December 1943-July 1945: West Raynham
July-September 1945: Little Snoring

Squadron Codes: TW

8 August 1940: No.13 Group, Fighter Command
19 May 1941: No.13 Group, Fighter Command
December 1943 onwards: No.100 Group, Bomber Command


Bookmark this page: Delicious Facebook StumbleUpon

No. 4 Squadron RAF

No. 4 Squadron formed at Farnborough in 1912 as part of the Royal Flying Corps. Operating a miscellaneous mixture of aircraft including early Royal Aircraft Factory B.E.2s and Breguet biplanes, it quickly moved to Netheravon where it remained until the outbreak of the First World War. The more useful aircraft in its inventory were sent to France under the command of Major G. H. Rayleigh on 16 August 1914, to carry out reconnaissance in support of the British Expeditionary Force. On 19 August Lieutenant G. W. Mapplebeck flew the squadron's first mission over France, a reconnaissance flight searching for German cavalry in the vicinity of Gembloux, Belgium. Other aircraft remained in England to carry out anti-Zeppelin patrols. [3] [4] [5]

The contingent in France was reinforced on 20 September by the personnel who had remained behind in England, forming C Flight, equipped with Maurice Farman "Shorthorns". It concentrated on the reconnaissance role, standardising on the B.E.2 in 1916. In the Battle of the Somme, 4 Squadron flew contact patrols keeping track of the position of advancing troops at low level, in addition to more regular reconnaissance and artillery spotting missions. It re-equipped with the Royal Aircraft Factory R.E.8 in June 1917, in time to take part in the Battle of Messines and the Battle of Passchendaele. During this period William Robinson Clarke, the first black pilot to serve for Britain, flew for the squadron. It remained equipped with the R.E.8 until the Armistice with Germany on 11 November 1918 ended the fighting. [6] The squadron returned to the United Kingdom in February 1919, disbanding in September that year. [3]

Between the wars Edit

No 4 Squadron reformed on 30 April 1920 at Farnborough, equipped with Bristol F.2 Fighters. Part of the squadron moved to Aldergrove near Belfast in November 1920 as a result of the Irish War of Independence, moving to Baldonnel Aerodrome near Dublin in May 1921, before rejoining the rest of the squadron at Farnborough in January 1922. [3] [5] [7] The Squadron deployed on Royal Navy aircraft carriers when they sailed to Turkey on HMS Ark Royal and Argus during the Chanak crisis in August 1922, returning to Farnborough in September 1923. When the 1926 General Strike broke out, No. 4 Squadron's aircraft were used to patrol railway lines to deter feared sabotage. [5] [8]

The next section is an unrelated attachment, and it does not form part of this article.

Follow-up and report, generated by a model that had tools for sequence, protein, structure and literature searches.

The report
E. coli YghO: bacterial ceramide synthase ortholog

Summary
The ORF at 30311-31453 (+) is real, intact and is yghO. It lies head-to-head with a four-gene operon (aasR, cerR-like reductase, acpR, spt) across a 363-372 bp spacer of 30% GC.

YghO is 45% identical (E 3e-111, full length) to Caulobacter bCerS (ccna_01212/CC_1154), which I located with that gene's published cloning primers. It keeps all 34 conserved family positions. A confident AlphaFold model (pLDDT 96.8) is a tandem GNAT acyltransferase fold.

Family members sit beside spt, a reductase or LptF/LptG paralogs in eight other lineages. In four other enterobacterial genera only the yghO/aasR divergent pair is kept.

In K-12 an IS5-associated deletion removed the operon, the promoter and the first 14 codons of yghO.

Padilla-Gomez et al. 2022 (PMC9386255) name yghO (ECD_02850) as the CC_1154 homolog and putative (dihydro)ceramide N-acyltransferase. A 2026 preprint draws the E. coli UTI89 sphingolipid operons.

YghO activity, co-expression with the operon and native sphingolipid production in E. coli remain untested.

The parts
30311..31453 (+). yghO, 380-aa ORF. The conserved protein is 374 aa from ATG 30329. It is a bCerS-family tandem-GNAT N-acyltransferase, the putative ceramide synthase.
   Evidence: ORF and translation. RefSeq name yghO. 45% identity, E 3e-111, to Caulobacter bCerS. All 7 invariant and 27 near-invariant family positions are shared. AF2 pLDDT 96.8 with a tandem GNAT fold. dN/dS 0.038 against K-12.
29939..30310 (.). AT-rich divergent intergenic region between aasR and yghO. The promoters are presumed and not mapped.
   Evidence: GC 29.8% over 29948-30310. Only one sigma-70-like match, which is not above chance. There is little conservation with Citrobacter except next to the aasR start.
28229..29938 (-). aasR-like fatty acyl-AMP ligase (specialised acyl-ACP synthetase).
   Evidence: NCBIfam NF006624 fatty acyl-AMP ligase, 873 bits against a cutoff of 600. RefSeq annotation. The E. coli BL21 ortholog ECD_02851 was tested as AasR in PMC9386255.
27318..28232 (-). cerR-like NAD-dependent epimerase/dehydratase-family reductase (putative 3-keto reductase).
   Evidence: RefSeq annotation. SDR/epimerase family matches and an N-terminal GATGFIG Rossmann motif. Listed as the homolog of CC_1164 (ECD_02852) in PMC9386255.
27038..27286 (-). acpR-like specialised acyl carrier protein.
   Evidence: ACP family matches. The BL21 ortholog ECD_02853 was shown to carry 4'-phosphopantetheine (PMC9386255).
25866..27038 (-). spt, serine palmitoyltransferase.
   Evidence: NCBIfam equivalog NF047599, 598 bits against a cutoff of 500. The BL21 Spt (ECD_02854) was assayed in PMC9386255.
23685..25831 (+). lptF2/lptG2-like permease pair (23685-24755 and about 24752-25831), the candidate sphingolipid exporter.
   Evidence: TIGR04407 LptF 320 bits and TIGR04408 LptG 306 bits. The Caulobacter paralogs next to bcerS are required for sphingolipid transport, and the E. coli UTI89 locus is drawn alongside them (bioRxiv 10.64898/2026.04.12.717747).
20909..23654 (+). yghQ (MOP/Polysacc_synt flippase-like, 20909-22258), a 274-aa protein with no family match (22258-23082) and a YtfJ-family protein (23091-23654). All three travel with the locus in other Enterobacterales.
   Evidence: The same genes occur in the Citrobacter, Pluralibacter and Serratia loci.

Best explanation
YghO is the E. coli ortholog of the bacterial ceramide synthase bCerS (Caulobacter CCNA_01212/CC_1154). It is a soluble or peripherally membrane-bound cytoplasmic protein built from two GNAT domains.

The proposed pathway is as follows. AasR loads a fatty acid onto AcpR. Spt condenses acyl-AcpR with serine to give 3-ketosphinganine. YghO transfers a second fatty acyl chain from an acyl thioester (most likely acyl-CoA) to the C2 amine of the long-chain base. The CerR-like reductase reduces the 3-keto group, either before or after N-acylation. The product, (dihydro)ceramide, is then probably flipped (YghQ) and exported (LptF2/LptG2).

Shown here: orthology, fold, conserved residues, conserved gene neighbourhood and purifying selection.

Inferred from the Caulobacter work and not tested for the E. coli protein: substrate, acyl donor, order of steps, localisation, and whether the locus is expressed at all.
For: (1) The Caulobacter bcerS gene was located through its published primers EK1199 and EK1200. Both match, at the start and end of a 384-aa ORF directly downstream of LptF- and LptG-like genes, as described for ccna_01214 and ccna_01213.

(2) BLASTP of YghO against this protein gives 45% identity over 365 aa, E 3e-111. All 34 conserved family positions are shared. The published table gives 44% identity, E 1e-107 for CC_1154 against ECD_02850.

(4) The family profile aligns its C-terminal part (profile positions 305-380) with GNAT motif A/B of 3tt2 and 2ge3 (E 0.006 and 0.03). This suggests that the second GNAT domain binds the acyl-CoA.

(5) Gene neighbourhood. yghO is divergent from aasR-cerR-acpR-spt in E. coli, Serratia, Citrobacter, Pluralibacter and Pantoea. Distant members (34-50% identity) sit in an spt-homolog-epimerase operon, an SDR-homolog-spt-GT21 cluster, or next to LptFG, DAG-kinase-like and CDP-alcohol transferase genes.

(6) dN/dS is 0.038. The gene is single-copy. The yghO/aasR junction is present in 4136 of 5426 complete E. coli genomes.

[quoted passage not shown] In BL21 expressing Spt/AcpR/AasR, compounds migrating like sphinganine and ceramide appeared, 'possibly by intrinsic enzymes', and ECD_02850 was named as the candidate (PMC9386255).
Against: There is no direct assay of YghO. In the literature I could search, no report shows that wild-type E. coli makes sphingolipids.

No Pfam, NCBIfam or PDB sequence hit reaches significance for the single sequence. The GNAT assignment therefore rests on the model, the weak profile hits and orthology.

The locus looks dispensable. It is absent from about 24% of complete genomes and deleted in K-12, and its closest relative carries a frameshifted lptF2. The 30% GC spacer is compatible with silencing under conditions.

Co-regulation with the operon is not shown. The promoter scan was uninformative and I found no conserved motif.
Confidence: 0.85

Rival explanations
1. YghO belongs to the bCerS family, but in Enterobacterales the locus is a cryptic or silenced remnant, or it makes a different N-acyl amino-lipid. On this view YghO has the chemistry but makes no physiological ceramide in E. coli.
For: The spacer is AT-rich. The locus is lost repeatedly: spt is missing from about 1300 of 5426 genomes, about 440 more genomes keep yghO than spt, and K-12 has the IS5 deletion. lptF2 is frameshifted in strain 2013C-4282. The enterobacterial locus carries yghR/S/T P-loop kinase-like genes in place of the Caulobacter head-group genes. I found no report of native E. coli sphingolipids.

In October 1929, the elderly Bristol Fighters were replaced with new Armstrong Whitworth Atlas aircraft, purpose-designed for the squadron's Army co-operation role, while these in turn were replaced by Hawker Audaxes in December 1931. [5] [9] [10] In February 1937 it moved from Farnborough to RAF Odiham, soon re-equipping with the Hawker Hector, a more powerful derivative of the Audax. In January 1939, it discarded its Hector biplanes in favour of the new monoplane Westland Lysander. [11]

Second World War Edit

Shortly after the outbreak of the Second World War in 1939, the squadron moved to France as part of the British Expeditionary Force. Following Germany's invasion of France and the Low Countries on 10 May 1940, 4 Squadron was frequently forced to change bases by the approach of the advancing German armies, being withdrawn to the UK on 24 May. [7] Losses had been heavy, with 18 aircrew killed, while 60% of the groundcrew were lost. [5] It continued in the coastal patrol and air-sea rescue role while training for its main Army co-operation role after returning to the UK. [9]